BTW h/t to @aulneau who inspired the concept behind this idea a while back. Thank you!


Outside of these two microservices, I can see a set of tooling and software that would allow people to build out robust data indexers. The tooling could help you spin up a new API instance, expose helper functions like filtering data to events or transactions associated with a given trait or contract, or filtering data to events associated with a given function. The possibilities here are really endless.

I think of this layer of the stack as the tools which would allow for someone to build a service very similar to The Graph, where you can write sub-graphs which process data from these microservices and expose different “views” of that data. At the end of the day, the Hiro API is simply a custom “view” into this data and exposed as a REST API.

Example use cases

There are many products that can be built from a service like this, here are a few off the top of our heads:

Stacking club

Stacking club is an aggregator for all stacking data on stacks. If you want to know anything about stacking, you can likely find out about it there. To create aggregate views of data, we needed to be able to query and transform data in custom ways which the Hiro API would not be able to support.

With this new architecture, we’d be able to sync data from this service and transform it much more easily than if we had to rely on the generalized Hiro API service. The new indexer would be able to select only the data it needs: PoX reward data and stacking related transactions.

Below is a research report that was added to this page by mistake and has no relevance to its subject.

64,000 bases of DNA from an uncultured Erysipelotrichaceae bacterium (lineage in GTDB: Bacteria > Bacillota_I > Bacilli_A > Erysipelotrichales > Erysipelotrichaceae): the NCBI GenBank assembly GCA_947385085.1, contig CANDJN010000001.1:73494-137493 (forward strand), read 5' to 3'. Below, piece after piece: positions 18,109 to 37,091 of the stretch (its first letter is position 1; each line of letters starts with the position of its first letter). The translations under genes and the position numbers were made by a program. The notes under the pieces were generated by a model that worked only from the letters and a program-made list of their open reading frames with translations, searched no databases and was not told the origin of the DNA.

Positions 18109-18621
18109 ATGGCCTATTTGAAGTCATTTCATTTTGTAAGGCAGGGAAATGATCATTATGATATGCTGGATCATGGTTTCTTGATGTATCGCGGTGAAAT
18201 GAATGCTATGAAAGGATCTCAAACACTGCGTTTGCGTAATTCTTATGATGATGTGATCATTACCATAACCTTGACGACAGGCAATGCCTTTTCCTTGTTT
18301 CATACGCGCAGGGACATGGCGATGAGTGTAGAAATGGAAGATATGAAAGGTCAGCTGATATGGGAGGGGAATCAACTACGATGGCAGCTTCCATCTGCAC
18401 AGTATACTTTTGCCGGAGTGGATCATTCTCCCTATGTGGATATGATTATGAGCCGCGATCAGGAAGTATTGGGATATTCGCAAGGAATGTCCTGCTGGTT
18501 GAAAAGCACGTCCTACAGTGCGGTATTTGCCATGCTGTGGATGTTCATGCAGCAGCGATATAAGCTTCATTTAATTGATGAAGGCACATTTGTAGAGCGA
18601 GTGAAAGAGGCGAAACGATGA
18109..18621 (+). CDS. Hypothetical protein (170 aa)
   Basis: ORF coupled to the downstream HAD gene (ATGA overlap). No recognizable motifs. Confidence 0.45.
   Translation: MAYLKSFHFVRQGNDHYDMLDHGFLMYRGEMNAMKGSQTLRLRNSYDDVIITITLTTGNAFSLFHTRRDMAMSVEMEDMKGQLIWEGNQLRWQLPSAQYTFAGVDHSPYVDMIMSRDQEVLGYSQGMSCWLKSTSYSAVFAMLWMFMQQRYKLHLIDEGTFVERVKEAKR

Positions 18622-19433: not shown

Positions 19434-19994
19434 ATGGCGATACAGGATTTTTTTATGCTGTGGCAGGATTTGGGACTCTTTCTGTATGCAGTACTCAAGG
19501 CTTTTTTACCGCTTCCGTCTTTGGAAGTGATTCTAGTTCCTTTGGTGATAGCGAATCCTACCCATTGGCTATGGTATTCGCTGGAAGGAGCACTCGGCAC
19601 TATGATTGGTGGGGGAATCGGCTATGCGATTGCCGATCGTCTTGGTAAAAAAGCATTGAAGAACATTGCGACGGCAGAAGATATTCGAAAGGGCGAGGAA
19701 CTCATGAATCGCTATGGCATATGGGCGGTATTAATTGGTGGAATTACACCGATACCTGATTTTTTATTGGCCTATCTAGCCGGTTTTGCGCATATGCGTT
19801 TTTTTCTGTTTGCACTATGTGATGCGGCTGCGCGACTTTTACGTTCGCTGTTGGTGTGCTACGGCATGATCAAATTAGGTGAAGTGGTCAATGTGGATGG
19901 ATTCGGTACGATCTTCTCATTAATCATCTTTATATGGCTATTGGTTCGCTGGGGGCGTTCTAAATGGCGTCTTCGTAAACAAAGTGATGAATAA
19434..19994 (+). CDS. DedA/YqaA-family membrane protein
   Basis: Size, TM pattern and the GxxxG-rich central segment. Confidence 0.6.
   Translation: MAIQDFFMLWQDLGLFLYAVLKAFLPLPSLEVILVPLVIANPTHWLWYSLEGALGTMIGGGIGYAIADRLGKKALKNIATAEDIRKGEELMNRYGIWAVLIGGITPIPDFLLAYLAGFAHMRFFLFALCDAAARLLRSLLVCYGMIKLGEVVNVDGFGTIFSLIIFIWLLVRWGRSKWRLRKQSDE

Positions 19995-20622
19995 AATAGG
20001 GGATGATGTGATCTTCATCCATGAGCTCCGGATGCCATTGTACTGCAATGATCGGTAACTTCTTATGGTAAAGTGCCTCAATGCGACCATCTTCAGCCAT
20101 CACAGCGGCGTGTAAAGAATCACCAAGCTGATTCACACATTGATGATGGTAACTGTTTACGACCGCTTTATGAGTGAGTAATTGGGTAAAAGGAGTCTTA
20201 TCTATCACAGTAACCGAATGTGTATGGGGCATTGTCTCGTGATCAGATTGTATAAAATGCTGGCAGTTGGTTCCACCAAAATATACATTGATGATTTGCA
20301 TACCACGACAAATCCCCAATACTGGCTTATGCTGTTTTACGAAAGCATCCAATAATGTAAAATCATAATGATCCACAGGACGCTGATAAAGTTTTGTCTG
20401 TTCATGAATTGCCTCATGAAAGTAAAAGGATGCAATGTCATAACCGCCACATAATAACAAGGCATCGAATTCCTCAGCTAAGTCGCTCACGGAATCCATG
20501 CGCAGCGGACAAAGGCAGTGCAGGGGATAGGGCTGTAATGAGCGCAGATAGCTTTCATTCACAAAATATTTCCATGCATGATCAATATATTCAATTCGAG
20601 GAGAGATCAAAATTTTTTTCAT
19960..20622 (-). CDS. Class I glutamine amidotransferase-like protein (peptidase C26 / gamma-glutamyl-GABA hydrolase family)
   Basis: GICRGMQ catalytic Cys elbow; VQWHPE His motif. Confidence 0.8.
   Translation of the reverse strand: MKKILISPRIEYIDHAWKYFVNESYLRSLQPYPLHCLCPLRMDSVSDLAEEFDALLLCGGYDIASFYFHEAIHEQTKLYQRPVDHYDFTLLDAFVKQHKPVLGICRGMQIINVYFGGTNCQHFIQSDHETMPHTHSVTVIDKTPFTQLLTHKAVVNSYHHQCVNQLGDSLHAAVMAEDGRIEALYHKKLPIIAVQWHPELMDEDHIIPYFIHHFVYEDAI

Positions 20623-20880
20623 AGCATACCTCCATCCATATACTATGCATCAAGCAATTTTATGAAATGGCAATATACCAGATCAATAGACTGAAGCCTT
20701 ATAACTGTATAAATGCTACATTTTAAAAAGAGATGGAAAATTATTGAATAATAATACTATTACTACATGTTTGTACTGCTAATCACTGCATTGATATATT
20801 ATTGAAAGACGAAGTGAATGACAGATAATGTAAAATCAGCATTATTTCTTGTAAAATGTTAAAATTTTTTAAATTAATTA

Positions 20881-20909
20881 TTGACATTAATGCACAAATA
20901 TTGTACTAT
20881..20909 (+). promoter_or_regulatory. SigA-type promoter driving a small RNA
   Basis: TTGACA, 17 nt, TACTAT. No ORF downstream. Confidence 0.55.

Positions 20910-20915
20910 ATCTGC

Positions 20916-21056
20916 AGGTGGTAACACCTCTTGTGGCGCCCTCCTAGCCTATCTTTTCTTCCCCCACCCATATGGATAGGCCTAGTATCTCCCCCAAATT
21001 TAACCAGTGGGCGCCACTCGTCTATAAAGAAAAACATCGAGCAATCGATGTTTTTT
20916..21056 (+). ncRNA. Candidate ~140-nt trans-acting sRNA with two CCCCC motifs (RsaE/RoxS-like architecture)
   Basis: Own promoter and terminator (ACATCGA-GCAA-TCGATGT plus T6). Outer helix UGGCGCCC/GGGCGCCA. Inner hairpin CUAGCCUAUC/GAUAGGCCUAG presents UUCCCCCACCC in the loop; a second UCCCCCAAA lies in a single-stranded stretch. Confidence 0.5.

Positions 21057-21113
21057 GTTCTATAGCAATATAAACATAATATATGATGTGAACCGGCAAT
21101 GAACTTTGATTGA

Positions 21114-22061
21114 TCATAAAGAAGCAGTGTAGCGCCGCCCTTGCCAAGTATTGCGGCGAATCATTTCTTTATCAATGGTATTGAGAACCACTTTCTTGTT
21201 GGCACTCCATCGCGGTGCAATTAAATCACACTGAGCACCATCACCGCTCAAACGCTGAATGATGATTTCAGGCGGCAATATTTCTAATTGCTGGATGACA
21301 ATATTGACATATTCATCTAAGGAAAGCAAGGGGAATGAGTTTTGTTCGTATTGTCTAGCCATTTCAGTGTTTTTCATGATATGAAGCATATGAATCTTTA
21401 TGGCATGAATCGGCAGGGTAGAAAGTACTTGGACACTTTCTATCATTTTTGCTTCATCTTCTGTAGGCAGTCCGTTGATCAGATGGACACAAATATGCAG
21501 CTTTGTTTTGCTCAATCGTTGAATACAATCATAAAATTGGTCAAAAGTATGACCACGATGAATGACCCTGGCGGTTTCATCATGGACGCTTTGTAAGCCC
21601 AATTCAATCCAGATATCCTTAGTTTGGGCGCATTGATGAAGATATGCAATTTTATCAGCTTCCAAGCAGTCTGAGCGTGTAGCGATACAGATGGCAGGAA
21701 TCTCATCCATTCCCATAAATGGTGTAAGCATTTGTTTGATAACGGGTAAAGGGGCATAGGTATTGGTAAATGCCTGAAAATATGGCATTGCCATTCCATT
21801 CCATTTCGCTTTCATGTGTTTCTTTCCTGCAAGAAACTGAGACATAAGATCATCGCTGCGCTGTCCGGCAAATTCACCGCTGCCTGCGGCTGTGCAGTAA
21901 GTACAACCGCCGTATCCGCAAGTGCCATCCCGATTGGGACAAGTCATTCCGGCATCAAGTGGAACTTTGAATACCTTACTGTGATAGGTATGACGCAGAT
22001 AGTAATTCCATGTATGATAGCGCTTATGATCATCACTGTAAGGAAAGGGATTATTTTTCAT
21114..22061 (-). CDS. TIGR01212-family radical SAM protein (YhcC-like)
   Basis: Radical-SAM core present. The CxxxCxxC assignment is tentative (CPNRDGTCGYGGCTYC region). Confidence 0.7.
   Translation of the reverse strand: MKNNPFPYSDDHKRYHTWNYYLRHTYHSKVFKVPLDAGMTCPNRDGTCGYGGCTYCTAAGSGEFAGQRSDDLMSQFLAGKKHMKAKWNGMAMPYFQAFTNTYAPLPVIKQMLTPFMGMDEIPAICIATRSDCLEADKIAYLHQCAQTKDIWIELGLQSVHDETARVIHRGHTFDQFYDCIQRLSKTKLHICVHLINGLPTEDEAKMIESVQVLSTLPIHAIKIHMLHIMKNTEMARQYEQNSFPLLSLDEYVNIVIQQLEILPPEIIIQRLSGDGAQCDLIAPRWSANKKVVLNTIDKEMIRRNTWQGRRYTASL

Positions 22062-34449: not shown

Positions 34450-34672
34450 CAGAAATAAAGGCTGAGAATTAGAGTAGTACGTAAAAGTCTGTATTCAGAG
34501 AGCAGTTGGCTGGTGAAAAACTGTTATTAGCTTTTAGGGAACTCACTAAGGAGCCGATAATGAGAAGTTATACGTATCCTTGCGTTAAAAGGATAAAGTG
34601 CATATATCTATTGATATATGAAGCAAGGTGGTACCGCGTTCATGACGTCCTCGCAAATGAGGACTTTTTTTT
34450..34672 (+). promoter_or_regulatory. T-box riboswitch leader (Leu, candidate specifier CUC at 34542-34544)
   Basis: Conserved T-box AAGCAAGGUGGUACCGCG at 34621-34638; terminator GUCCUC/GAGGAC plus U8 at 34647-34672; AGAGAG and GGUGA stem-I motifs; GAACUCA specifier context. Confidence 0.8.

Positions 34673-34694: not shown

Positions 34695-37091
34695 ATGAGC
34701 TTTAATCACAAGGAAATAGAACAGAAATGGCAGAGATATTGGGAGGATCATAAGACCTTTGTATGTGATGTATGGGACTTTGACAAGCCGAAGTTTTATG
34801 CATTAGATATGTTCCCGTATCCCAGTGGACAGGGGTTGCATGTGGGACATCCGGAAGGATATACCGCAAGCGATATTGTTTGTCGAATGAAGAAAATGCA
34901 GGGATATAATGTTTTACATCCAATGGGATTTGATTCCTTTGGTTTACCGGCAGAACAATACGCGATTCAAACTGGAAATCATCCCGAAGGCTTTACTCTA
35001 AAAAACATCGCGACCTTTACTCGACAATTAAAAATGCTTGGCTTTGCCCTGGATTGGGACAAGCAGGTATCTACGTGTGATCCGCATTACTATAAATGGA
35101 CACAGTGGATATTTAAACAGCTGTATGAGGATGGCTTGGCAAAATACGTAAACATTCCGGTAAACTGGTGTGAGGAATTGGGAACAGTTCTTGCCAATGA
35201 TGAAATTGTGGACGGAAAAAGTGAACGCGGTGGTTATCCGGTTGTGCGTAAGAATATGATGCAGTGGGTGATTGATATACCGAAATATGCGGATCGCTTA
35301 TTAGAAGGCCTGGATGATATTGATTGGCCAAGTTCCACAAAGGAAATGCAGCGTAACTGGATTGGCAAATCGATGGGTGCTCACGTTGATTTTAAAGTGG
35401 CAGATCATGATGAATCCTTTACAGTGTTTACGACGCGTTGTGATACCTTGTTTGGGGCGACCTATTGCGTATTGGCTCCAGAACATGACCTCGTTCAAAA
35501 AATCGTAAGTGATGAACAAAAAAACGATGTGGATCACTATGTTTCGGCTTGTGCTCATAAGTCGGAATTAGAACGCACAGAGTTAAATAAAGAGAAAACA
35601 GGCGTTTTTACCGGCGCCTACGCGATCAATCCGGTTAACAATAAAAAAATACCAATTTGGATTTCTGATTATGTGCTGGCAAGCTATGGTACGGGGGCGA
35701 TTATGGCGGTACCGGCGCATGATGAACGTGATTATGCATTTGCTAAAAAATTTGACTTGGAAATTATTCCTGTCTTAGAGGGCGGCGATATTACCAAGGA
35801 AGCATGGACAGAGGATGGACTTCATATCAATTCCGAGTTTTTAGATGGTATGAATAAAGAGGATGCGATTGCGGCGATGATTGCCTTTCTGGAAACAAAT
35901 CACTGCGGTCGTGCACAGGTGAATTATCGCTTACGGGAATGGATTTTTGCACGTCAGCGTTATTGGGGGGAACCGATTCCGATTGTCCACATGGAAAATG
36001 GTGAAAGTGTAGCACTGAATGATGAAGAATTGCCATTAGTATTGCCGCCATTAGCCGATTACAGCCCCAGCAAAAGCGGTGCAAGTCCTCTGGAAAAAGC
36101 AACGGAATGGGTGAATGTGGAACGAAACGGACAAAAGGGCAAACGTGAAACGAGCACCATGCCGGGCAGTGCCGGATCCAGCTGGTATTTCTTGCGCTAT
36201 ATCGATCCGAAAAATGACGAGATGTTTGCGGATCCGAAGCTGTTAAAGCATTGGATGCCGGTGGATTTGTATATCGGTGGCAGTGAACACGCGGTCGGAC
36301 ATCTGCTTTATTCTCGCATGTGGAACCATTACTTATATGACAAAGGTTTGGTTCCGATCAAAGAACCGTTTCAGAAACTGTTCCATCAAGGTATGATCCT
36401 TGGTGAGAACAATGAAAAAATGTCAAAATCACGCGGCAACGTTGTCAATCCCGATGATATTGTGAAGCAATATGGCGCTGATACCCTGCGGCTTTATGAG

An overview of how a indexer could be built
An overview of how a indexer could be built

Discord bots and web hooks

Another use case that would be able to make use of this kind of architecture would be discord bots or anything else that would use a webhook. You could build out a Cloudfare Worker that watches for new events filtered to a set of contracts (eg markplace contracts or other NFT related contracts), and fire a webhook to a discord bot running. You can almost think of these as lamdas for Stacks.

An example of a discord bot service using this new architecture
An example of a discord bot service using this new architecture

Hiro’s API

Finally, even Hiro’s API could make use of this architecture. If they had the desire to no longer run Stacks nodes along side their REST API, they could make use of these microservices to populate the database that powers the REST API. This would allow anyone to run an instance of the Hiro API without needing to run a Stacks node.